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Thoughts on “The Martian Chronicles” by Ray Bradbury

The Martian Chronciles was recommended to me by a bookstore coworker several years ago, and it’s been sitting on my shelf ever since — a perfect candidate for the TBR Pile Challenge. I enjoyed Fahrenheit 451 when I listened to it a while back, so I was looking forward to wandering into Bradbury’s world again.

About the Book

"The Martian Chronicles" by Ray Bradbury (cover)The Martian Chronicles is structured as a collection of loosely related short stories. Their titles include a date, and they move chronologically, from January 1999 to October 2026. Together, they tell the story of how humans came to Mars, what they encountered when they landed, and what happened over the years that followed.

My Thoughts

I found The Martian Chronicles to be…interesting. Not in a “fascinating!!” sort of way, but with a bit of skepticism and reserve thrown in. “Interesting” preceded by a moment’s pause, the word you choose when you’re not entirely sure what other word would be more accurate.

There were certainly fascinating moments. Bradbury is an impressively creative writer, working in details that really make the story and coming up with little plot twists that create moments of surprise and even delight. My favorite story/chapter, one entitled “April 2000: The Third Expedition” that occurred early on in the book, had a particularly clever and chilling twist, as did my second favorite (“September 2005: The Martian”) a little later on.

I think it was the format that got to me. It felt much more like Bradbury had taken a bunch of Mars-related stories he’d written, figured out which order made the most sense, written a few short pieces to provide transitions, and then published it as a novel. That may, in fact, be what happened, as several of the longer stories included notes saying that they were originally published separately in the 1940s and 50s. There are a couple of characters that appear in two stories instead of just one, but the vast majority of characters, and even some of the world-related details, are isolated to their single, confined appearance.

At the very least, I wanted some kind of continuity when it came to Mars itself. But it seemed like sometimes there was water and sometimes there wasn’t; sometimes the Martians behaved in one particular way, and other times they were completely different. Was Bradbury trying to show that different parts of the planet were as diverse as Earth? I couldn’t tell. For me, it just made the collection feel disjointed, like the setting was tweaked between tales.

It’s an interesting book, as I said, and I’m glad I read it, but aside from a few of the stories, I don’t think it’ll stay with me, and I don’t plan to keep it on my shelf.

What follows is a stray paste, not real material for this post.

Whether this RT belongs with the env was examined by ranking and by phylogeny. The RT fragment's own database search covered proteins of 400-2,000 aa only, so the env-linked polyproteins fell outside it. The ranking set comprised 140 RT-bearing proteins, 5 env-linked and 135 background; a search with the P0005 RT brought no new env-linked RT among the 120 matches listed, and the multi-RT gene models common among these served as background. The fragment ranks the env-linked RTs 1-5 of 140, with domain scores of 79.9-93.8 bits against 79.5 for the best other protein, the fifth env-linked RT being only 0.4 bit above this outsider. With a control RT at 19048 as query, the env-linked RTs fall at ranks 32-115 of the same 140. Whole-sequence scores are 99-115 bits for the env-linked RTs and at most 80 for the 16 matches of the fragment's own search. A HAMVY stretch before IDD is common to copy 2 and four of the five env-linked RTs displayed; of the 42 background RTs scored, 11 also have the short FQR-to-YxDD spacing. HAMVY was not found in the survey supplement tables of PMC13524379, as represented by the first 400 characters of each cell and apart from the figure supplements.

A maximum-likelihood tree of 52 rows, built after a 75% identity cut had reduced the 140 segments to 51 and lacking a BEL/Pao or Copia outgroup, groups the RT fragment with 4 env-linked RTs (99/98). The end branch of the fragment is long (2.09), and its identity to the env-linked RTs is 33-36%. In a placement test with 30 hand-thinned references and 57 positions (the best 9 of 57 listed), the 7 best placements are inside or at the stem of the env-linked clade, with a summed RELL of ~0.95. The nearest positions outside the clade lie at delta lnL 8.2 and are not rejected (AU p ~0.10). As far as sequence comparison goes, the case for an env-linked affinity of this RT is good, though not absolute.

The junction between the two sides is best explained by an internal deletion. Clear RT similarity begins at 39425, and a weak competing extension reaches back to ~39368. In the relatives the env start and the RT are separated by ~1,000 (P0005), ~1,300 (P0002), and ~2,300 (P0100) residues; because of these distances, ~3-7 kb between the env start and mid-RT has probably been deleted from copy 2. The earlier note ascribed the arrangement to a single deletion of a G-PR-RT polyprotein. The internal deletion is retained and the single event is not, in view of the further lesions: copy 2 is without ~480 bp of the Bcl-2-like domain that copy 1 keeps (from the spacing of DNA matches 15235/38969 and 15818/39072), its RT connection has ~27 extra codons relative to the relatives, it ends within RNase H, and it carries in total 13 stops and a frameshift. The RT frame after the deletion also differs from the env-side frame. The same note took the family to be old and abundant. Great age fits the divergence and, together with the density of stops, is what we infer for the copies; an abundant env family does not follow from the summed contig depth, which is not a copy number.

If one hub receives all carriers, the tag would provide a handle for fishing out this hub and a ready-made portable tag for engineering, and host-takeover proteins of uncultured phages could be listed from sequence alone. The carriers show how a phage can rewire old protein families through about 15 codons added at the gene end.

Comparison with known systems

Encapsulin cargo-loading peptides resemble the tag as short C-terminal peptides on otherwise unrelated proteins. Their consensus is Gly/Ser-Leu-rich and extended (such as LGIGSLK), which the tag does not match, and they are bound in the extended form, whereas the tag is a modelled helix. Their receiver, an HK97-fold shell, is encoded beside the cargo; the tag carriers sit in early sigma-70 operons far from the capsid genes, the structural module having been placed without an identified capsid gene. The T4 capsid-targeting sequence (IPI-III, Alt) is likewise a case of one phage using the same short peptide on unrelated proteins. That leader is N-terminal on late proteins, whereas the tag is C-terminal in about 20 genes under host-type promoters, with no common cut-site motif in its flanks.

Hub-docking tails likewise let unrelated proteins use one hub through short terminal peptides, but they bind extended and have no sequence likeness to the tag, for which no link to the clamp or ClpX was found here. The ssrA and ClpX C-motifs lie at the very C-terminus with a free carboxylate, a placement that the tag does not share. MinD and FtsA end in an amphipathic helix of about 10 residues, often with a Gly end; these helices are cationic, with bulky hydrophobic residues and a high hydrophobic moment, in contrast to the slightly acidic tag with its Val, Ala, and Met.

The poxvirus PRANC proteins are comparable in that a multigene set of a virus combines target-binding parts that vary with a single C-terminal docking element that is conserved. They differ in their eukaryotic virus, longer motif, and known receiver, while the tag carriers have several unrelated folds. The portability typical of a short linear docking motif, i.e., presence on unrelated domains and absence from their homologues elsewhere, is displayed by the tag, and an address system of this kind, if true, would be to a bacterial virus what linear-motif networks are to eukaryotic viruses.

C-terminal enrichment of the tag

The Verdict: Mediocre

Bradbury is, as ever, a wonderfully creative author who surprises you and makes you think. I just wish The Martian Chronicles had been more novel than collection of stories.

Your Turn!

How do you feel about the interconnected-short-stories format? Does it work for you?

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  • Trish422

    I haven’t read this one, and while the topic really interests me, I am concerned by the disjointed nature of the stories. I’m not a short story fanatic to begin with, so I would definitely prefer a strong sense of continuity.

  • http://erinkurup.com/ erinkurup

    Trish422 It could have been SO cool. A couple of the stories are great. But like you, I’m not huge on short stories, especially if they’re not somehow related. The upside is that it’s pretty short :)

  • TriniCapini

    I love what you say about “interesting” because it really is a word to use when you really don’t know what else to say. I haven’t read this one but I do own a collection of Bradbury’s short stories. I wonder if any of these are included (it’s a bit anthology…in an e version). I do like short stories to be interconnected–otherwise it’s hard for me to connect with the collection. Wish I wasn’t that way!

  • http://bookchatter.net/ Ti Reed

    I am not a fan of connected short stories. I feel that if they are connected…then why not write it as a novel? Seems like a lazy way to present material. That sounds so horrible coming out of my mouth. 

    As for Bradbury, I am on a Bradbury kick right now. I finished Fahrenheit 451 for banned books week and now I am hosting a read along for Something Wicked This Way Comes and it’s also interesting but in this case, interesting = good.

  • http://theardentreader.wordpress.com theardentreader

    I felt exactly the same way when I picked up The Martian Chronicles back in 2010. Interesting but I wish it had been fleshed out into a full novel. My copy was also published in 1997 so they pushed all the dates up from 2001 to 2031, which I thought was an odd choice.

  • http://erinkurup.com/ erinkurup

    TriniCapini I think I’d have liked these ones better if they’d been in a collection instead of somewhat smushed into a novel. I’m not so much a short story fan (except for Simon Van Booy’s stuff!), but I’m even less a short-story-collection-trying-to-be-a-novel fan, apparently!

  • http://erinkurup.com/ erinkurup

    Ti Reed Ha, no, not horrible! I kind of feel the same way. I haven’t read a lot of connected short stories, but they tend to feel…thin somehow to me. Like you said, I’d rather have a proper novel.
    I read Fahrenheit 451 a few years back — way better than The Martian Chronicles! And I think I read Something Wicked when I was in high school, maybe, but I remember nothing about it. Too bad I missed the readalong :)

  • http://erinkurup.com/ erinkurup

    theardentreader Oh, that is very bizarre about the date change. And totally unnecessary…that’s like retitling 1984 as 2084 or something. What??